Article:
Supporting Food Security with Science

From American cornfields to African savannahs — Decision-makers around the world use NASA Earth data in innovative ways to better grow our food. 

For decades, the scientific community has focused on monitoring water supplies to help maximize efficient use of water, including irrigation. Now, we're measuring plant health from space, creating early warning systems and enhancing the efficiency of water use.

But we can't do it alone. We rely on a global network of partner institutions, civil society organizations and NASA's Earth-observing satellites to find the best ways to reshape our food and agriculture systems.

NASA is a science agency. We know the Earth's climate is changing. We know why it's changing. The agency works to deliver actionable science to help decision makers mitigate, adapt to and respond to that change. 

Why Agriculture?

We've increased the scope of our work with the agriculture sector because of the potential impact of climate change on our nation's ability to feed itself. 

NASA is engaging the ag sector to find out what data and tools producers need now, and in the future, as they make changes in their management practices to respond to changing weather patterns. 

Why NOw? 

Space offers NASA an unique vantage point to study the Earth's systems. As of August 2022, NASA's Earth Science Division is drawing Earth observations from 24 missions in orbit around our planet. We have three more missions we plan to have in orbit before the end of the year.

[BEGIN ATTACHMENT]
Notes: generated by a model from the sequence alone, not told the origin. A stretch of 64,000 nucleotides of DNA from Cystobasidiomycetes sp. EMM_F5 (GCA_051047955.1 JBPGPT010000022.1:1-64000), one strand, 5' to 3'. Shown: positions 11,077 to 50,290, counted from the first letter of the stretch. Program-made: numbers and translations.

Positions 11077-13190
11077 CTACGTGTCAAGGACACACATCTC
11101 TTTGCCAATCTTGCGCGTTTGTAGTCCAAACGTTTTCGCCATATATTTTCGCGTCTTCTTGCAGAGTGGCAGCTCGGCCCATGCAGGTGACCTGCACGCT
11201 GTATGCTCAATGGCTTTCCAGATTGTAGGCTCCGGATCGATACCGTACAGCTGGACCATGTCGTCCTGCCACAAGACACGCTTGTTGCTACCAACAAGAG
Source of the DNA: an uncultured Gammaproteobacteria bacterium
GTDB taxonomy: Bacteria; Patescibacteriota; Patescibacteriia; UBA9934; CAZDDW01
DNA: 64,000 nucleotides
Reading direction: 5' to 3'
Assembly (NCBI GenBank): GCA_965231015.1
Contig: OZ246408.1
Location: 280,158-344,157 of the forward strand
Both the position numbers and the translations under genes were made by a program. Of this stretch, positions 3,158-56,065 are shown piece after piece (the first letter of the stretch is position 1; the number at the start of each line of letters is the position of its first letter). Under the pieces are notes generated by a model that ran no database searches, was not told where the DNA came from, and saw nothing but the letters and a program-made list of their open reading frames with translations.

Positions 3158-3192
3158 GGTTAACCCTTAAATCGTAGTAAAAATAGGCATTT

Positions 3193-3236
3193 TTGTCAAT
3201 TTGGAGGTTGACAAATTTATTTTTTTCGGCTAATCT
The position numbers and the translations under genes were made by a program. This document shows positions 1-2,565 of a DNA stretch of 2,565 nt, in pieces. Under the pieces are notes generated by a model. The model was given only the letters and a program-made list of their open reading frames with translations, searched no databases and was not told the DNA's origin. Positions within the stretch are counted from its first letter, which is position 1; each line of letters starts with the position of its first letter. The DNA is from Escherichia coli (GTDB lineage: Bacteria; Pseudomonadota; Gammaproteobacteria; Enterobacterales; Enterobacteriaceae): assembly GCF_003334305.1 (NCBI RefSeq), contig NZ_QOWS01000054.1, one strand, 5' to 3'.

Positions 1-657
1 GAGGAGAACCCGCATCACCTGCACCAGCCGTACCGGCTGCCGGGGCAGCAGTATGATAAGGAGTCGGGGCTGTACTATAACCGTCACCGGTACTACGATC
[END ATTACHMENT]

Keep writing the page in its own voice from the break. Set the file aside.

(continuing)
NASA has a long relationship with agriculture. In September 2022, NASA launched Landsat 9 in partnership with the U.S. Geological Survey. Celebrating 50 years in 2022, Landsat is NASA's longest-running mission.

Tools for Producers

The global observations Landsat collects are the basis for many tools that producers rely on today, including the U.S. Drought Monitor, and the U.S. Department of Agriculture's monthly World Agricultural Supply and Demand Estimates (WASDE) report.

NASA produces other applications for producers, such as NASA Harvest's precision nutrient management tools, OpenET, and Crop-CASMA. These are designed to put data-driven management tools into the hands of farmers.

Free and open to all

All NASA data is open to the public and freely available, and the agency is dedicated to developing the applications to put the data and scientific findings to work for agricultural producers.

Nevada farmer Denise Moyle in her alfalfa fields. Credits: NASA/courtesy of Glow by G Photography

Agriculture Fact Sheets

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